You don’t have to plough through Pride and Prejudice, or suffer Sense and Sensibility, to see the truth of this. If you hated the novels – or simply didn’t get on with them – you can get a quick and clear sense of Jane’s wit from reading her letters. Here she is replying to her niece, Fanny Knight, who has forced her boyfriend to read one of Jane’s books, only to discover that he didn’t enjoy it:

Do not oblige him to read any more. Have mercy on him, tell him the truth, and make him an apology. He and I should not in the least agree, of course, in our ideas of novels and heroines. Pictures of perfection, as you know, make me sick and wicked: but there is some very good sense in what he says, and I particularly respect him for wishing to think well of all young ladies; it shows an amiable and a delicate mind. And he deserves better treatment than to be obliged to read any more of my works.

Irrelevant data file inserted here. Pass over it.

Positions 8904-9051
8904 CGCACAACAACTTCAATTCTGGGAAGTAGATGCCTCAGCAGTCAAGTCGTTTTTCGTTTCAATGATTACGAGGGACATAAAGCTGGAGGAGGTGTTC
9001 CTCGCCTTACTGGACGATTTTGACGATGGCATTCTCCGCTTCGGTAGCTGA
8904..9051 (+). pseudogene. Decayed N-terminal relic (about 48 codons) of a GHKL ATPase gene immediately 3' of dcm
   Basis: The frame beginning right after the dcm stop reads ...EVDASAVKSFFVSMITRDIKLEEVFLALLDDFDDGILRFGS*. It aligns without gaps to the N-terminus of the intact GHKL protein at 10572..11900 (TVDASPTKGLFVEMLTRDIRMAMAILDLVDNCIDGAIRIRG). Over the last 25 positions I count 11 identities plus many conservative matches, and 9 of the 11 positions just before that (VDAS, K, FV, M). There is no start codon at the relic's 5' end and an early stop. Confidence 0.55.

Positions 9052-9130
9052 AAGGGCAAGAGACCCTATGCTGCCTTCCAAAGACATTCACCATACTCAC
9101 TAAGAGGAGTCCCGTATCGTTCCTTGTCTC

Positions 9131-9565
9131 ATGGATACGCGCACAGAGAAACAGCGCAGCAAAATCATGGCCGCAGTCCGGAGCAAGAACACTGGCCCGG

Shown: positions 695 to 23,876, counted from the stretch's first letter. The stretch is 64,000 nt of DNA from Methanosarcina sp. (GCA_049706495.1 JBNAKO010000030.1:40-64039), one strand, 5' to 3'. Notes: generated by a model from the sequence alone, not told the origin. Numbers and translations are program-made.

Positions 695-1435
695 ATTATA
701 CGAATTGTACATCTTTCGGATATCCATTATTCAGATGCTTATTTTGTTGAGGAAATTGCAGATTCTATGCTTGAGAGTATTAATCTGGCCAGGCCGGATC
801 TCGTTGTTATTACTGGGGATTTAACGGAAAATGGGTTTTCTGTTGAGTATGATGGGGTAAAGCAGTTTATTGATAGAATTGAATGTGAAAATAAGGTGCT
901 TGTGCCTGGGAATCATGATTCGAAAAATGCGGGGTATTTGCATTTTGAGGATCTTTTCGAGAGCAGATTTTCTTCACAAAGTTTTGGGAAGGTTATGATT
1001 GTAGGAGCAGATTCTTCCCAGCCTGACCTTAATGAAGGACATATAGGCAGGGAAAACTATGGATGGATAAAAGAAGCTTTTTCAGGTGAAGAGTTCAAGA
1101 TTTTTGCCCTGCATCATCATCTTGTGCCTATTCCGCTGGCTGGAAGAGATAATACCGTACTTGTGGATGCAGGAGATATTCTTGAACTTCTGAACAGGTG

A pithy sentence deals with the poet Byron – she gives the clear impression she doesn’t think much of him.

I have read [Byron’s] The Corsair, mended my petticoat, and have nothing else to do.

On the other hand, if you read between the lines of her apparent complaint about Sir Walter Scott, it’s clear that she likes his writing very much. This is the writing style seen in the novels, where keen observation of humanity’s follies is delivered in a droll and humorous style, with the wit carefully concealed in words that can be read two ways. Does she ever write straight? Or is her view always slightly slant?